Molecular Characterization of ORF M43 of Murine CMV
Sean Umamoto, University of California, Berkeley
Human cytomegalovirus (HCMV) is one of the most frequent opportunistic infections of patients with advanced HIV infection. Patients usually develop HCMV- associated diseases, which may include retinitis, pneumonia, general gastrointestinal diseases, central nervous system complications, and oral ulcers and lesions. Understanding the biology of cytomegalovirus infection and transmission is essential to develop new strategies for treatment and prevention of CMV-associated diseases.
One of the most important hallmarks of cytomegalovirus pathogenesis is its ability to infect and replicate in salivary gland. Salivary glands are a major source of persistent virus and have been shown to be a site for CMV latent infections. Viruses in saliva that are shed from infected salivary glands are believed to be one of the major sources for oral infections as well as for horizontal transmission. However, little is currently known about the mechanism of how the virus infects and replicates in salivary gland. Equally elusive are the identity of the viral determinants responsible for infection in the salivary gland and the mechanism of how they support viral infection and replication in the organ.
Using murine cytomegalovirus (MCMV) as a model system, my dissertation research proposed here is to investigate the function of MCMV open reading frame M43 in viral infection of salivary gland. Our laboratory has recently shown that MCMV mutants with deletion and truncation of M43 coding sequence replicated in vitro as well as the wild type virus. Moreover, when inoculated into immunocompetent Balb/c mice and immunocompromised SCID mice, these mutants replicated equally well in spleens, livers, lungs, and kidneys of the animals as the wild type virus. In contrast, they are significantly attenuated in growth in the salivary glands and salivary gland-derived cells. These results suggest that M43 encodes a viral determinant specifically responsible for cytomegalovirus infection and replication in salivary gland.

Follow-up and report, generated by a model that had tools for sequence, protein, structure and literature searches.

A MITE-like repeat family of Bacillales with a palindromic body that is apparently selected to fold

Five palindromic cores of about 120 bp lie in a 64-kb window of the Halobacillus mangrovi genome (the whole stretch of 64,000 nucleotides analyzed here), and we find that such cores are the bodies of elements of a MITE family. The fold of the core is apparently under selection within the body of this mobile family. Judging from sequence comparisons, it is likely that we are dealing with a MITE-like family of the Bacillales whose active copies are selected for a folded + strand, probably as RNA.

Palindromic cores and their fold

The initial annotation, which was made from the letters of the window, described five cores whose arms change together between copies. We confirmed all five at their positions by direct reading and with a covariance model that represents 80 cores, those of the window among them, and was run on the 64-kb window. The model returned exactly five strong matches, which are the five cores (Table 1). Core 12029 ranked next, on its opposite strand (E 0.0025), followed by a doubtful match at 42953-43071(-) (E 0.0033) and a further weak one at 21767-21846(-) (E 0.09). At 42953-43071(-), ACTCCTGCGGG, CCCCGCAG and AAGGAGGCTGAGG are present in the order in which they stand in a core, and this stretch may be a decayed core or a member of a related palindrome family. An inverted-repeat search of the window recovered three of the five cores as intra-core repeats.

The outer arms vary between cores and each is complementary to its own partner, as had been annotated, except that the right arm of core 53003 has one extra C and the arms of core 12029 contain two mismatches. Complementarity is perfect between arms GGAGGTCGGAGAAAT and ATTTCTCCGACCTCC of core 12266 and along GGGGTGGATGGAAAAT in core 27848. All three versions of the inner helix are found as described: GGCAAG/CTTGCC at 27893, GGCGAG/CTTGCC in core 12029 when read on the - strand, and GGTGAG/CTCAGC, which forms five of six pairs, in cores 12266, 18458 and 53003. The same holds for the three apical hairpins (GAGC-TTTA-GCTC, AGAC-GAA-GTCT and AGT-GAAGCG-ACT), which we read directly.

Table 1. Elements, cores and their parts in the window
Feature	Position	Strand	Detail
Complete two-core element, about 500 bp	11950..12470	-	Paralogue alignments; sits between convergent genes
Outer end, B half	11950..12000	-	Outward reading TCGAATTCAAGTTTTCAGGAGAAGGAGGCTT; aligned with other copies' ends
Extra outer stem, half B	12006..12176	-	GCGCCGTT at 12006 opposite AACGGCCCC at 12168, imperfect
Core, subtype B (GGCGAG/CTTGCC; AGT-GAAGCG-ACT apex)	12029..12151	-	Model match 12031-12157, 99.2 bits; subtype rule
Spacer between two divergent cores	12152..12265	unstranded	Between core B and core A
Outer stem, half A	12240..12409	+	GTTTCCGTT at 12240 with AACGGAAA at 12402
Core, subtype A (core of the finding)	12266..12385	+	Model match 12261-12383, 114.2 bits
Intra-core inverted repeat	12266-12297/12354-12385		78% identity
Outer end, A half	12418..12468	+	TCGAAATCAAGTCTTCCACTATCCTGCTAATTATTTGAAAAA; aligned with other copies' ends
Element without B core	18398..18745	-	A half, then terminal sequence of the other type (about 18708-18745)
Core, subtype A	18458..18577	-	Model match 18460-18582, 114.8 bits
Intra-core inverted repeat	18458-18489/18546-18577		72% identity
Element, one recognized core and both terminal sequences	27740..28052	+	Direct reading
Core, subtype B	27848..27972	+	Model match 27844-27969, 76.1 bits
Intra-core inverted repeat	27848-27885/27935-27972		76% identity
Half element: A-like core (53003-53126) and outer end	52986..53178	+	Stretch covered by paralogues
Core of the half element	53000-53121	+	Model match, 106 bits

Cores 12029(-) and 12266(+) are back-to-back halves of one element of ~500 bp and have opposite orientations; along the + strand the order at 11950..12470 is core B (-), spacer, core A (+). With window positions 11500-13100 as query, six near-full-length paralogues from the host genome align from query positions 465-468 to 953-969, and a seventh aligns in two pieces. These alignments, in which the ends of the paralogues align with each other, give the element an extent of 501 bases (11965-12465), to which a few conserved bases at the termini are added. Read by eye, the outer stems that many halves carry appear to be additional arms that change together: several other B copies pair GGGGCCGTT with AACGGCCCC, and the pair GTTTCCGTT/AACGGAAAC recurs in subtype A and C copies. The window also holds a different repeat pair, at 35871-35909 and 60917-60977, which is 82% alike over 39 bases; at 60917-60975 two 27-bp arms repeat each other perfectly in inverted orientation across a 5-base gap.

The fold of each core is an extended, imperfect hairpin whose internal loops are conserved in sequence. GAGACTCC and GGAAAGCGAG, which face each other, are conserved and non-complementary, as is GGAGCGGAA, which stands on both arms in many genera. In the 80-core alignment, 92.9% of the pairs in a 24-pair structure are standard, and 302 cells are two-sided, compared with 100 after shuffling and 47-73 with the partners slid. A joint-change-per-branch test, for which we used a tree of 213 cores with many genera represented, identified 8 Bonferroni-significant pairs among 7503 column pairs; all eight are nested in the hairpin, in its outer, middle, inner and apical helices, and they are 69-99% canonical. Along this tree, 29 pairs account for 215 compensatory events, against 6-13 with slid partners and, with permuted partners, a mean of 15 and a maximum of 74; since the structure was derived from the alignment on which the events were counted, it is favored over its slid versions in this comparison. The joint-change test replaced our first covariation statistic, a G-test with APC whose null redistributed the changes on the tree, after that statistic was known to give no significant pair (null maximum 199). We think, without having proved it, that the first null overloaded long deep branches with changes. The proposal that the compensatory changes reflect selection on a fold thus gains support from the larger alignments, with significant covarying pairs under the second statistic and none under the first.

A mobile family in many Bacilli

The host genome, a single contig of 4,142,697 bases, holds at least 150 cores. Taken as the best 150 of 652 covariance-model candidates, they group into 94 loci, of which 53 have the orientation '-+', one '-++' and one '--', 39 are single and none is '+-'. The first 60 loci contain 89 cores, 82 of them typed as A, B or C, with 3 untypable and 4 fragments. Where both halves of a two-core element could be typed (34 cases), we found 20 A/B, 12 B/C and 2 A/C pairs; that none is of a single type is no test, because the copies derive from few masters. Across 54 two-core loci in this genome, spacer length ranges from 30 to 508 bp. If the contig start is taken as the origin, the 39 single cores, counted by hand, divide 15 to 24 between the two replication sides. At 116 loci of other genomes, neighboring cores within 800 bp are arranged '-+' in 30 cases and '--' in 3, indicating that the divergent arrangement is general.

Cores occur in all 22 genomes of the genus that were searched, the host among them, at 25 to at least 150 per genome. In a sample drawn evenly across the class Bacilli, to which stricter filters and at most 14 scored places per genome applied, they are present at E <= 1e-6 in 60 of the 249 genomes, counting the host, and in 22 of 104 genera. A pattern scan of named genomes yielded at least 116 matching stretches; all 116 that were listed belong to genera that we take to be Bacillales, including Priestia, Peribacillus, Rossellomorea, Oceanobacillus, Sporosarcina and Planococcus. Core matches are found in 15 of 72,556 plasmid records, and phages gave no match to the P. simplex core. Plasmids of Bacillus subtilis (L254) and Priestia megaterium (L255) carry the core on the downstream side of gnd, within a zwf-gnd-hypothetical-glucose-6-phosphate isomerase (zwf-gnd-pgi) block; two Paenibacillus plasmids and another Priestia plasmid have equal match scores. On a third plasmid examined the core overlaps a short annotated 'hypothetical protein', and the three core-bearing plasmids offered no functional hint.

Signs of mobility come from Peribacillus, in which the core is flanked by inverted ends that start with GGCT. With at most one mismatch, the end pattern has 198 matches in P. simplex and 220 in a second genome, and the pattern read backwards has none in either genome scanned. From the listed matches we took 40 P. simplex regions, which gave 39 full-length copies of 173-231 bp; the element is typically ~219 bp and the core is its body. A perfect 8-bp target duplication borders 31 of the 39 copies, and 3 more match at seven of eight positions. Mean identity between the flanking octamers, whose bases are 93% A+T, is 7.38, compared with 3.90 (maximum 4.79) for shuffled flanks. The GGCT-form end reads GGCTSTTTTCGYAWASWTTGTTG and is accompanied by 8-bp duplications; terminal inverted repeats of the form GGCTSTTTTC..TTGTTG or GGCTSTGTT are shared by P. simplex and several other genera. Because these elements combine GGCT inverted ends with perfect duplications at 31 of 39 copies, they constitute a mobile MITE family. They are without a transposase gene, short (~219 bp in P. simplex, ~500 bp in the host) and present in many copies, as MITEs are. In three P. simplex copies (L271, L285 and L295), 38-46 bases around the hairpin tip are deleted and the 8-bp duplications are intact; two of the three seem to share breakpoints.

In this dissertation research, I will initially study the mRNA and protein expression of M43 and attempt to characterize cellular proteins that potentially interact with M43. Furthermore, I will examine the lytic replication cycle of the M43- inactivating mutants and to investigate how the mutants are deficient in growth in salivary gland-derived cells. The overall objective is to investigate the function of M43 in supporting viral infection and replication in salivary gland. These results are important to our understanding of cytomegalovirus infection and transmission, and should facilitate the development of novel approaches for treating and preventing HCMV infection, which is ubiquitous among AIDS patients in California and the United States.